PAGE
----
Seclusion and restraint use should be stopped

Wednesday, 10 January, 2018

Seclusion and restraint use should be stopped

There is currently no reliable monitoring of seclusion and restraint use in emergency departments in NSW, nor is there any routine, on-site supervision after hours in several mental health units, according to a report released by the NSW Government.

These were among a number of findings following a review into the way seclusion and restraint are used in in-patient mental health facilities and emergency departments.

The report, Review of seclusion, restraint and observation of consumers with a mental illness in NSW Health facilities, shines a light on outdated and harmful practices and points the way to a more effective and humane system. Authored by Chief Psychiatrist Dr Murray Wright, the report was commissioned after details surrounding the death of patient Miriam Merten in 2014 came to public attention in May last year.

Acting NSW Mental Health Commissioner Karen Burns said the commission was extremely pleased to see a straight-talking report, with 19 recommendations which do not shy away from the impact of seclusion and the trauma it inflicts on individuals.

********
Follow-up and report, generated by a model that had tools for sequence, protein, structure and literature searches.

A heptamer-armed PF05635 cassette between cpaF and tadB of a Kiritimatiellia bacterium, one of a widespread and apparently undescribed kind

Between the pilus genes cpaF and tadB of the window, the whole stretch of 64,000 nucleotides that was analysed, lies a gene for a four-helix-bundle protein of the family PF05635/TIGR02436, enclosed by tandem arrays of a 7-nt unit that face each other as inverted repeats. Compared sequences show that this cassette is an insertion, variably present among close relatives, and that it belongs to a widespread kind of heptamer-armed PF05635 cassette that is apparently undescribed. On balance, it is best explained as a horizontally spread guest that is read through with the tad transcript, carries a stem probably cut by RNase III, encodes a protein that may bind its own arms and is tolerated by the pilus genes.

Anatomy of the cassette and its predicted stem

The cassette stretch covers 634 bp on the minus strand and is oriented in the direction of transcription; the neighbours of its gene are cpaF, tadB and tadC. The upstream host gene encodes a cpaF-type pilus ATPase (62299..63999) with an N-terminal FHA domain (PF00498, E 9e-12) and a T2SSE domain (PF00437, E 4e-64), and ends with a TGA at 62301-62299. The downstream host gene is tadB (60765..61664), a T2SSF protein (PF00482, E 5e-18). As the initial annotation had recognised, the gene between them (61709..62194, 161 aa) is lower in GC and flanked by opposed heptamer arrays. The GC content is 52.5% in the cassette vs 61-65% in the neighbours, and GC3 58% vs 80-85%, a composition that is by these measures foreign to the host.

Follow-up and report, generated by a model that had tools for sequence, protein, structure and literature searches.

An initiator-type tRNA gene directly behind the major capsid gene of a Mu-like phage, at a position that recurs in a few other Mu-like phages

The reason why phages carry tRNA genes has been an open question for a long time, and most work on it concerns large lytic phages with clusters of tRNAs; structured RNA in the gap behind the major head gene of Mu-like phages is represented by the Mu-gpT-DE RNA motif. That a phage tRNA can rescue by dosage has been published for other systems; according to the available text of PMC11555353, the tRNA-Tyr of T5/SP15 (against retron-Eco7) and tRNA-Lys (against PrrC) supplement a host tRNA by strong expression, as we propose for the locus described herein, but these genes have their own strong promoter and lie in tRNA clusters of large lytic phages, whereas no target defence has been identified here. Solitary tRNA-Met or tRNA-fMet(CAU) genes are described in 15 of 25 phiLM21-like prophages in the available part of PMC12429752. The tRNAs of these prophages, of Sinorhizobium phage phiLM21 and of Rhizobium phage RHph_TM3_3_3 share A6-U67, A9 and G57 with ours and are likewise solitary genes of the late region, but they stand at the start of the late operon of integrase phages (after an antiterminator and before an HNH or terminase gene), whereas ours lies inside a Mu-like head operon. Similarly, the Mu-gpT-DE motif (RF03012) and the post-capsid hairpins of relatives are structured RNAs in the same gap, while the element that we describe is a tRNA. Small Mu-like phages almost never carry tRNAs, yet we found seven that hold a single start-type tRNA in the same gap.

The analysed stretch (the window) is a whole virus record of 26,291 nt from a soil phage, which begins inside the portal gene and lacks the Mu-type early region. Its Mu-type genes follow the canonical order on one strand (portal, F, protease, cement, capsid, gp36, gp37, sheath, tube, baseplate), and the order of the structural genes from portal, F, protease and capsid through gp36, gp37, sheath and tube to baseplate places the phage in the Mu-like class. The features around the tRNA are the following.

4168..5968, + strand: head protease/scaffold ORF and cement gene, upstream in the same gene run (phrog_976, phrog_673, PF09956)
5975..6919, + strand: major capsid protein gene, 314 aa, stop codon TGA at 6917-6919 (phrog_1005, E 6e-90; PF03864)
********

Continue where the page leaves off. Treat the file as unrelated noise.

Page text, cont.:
“The commission unequivocally supports the reduction and elimination of seclusion and restraint practices in mental health facilities. We endorse the 19 recommendations released today, which acknowledge people’s harmful experiences of coercive practices, and set in place steps to enable the reduction and elimination of these traumatic events.

“We also welcome the $20m investment to ‘improve the therapeutic environment inside acute mental health units’. For this to be achieved, people with lived experience of mental health issues including peer workers will need to be included in all planning and decisions.

“We should expect to see people with experience of mental illness exercising decision-making and influence at every level of a mental health service. That includes being involved in decisions about their own treatment, but — as emphasised in the recommendations — it also means being involved in delivering care to others as a peer worker and in co-designing safe environments and services that promote recovery.

For further information about the review, visit NSW Health’s website.

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